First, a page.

FRANKFORT – More Kentucky public high school graduates are meeting the state’s college-readiness benchmarks on the ACT college-entrance exam, according to data released today by the Kentucky Department of Education.
“The numbers show that our high school graduates are better prepared for college than ever before,” Education Commissioner Terry Holliday said. “That’s a direct result of Senate Bill 1 and the reforms – including more rigorous standards and accountability – that we’ve implemented since 2009. Clearly, our teachers and students have risen to the challenge.”
The percentage of students meeting Council on Postsecondary Education (CPE) benchmarks is up in every subject over the past three years. The benchmarks represent the minimum scores that guarantee students entry into corresponding credit-bearing college courses at Kentucky college and universities without the need for developmental education or supplemental courses.
“It is estimated that students and parents have been able to save more than $1,000 per student by avoiding non-credit bearing remedial course tuition at the college level,” Holliday said. “On top of that, high school graduates who reach college readiness levels are more likely to return to college for a second year, take more credit-bearing courses, and have a higher GPA.”
In recent years, Kentucky graduates have realized significantly greater gains on the ACT than their counterparts nationwide. From 2011 to 2015, Kentucky public school graduates made gains in every subject and more than a three-quarter point improvement in the overall composite score – up to 20.0 on a 36-point scale. At the same time, student performance in the U.S. stagnated, with the national composite of 21.2, up only one-tenth of a point from 2011.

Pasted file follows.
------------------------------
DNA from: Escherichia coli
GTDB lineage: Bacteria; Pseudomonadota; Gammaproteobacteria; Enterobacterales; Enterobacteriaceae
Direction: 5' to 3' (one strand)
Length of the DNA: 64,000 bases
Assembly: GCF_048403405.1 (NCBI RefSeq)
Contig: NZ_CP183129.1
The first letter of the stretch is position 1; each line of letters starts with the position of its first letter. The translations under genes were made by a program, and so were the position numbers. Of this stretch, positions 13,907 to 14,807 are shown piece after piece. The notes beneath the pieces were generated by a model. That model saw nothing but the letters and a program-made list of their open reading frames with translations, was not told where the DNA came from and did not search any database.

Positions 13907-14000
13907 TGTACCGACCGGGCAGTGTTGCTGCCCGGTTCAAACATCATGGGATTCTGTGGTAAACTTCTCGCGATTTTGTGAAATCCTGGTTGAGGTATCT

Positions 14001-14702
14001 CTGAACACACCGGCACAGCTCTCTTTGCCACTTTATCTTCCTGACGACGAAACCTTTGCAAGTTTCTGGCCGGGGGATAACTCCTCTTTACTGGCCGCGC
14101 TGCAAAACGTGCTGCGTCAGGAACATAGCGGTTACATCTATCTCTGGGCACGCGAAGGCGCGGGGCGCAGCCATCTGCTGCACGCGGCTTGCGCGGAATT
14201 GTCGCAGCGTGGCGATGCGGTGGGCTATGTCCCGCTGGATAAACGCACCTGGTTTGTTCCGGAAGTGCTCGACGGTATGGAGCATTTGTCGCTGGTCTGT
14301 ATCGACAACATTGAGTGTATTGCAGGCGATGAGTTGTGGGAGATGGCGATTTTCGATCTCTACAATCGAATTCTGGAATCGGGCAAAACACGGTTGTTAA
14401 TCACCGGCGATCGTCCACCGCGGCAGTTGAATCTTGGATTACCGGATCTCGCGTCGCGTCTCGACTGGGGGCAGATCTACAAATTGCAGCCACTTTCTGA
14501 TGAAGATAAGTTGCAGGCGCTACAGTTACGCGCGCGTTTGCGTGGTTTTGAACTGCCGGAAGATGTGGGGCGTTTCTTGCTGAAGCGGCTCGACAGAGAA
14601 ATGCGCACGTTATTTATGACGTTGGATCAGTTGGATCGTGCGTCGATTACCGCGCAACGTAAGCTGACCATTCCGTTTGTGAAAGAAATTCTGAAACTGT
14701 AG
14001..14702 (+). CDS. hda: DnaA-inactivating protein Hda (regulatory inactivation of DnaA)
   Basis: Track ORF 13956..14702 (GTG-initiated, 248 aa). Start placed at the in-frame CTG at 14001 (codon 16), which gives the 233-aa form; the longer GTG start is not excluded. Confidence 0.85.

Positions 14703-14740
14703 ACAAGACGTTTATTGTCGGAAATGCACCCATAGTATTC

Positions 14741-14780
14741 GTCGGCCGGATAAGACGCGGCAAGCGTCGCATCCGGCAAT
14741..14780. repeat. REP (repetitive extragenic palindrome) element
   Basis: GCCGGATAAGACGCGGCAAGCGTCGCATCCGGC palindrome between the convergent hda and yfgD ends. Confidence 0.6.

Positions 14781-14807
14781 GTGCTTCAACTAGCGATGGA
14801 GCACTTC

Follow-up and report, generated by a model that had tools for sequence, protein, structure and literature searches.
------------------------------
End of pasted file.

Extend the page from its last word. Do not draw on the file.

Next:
For the past three years, ACT has included scores for students receiving extended-time accommodations in its summary reporting. These students typically register lower test scores than students who do not receive additional time to take the test. Eight percent of Kentucky test-takers receive ACT-approved accommodations as compared with four percent of students nationally.
Composite scores for various groups of public school graduates are up from where they were several years ago, but the numbers illustrate that achievement gaps persist. Holliday said it is imperative that all students have an opportunity to graduate college/career-ready. The state is putting an emphasis on strategies to close achievement gaps and working with schools and districts to do so, he said.
Once again, there is a strong correlation between student performance on the ACT and the rigor of the courses a student takes in high school. While Kentucky’s minimum high school graduation requirements of four years of English and three years each of mathematics (including Algebra 1, Algebra 2 and geometry); science and social studies aligns with ACT’s recommended core curriculum, the rigor of the courses varies widely. Generally speaking, the more rigorous the courses the student takes, the better the student performs on the ACT.
To compile information for the release of 2015 graduating class data, ACT, Inc. used students’ scores from the last time they took the test. Since the ACT is administered to all Kentucky public high school juniors, some of those students may not have taken the ACT again as 12th graders.
Statewide data for the junior class who took the ACT in March 2015 will be released in the School Report Card later this fall.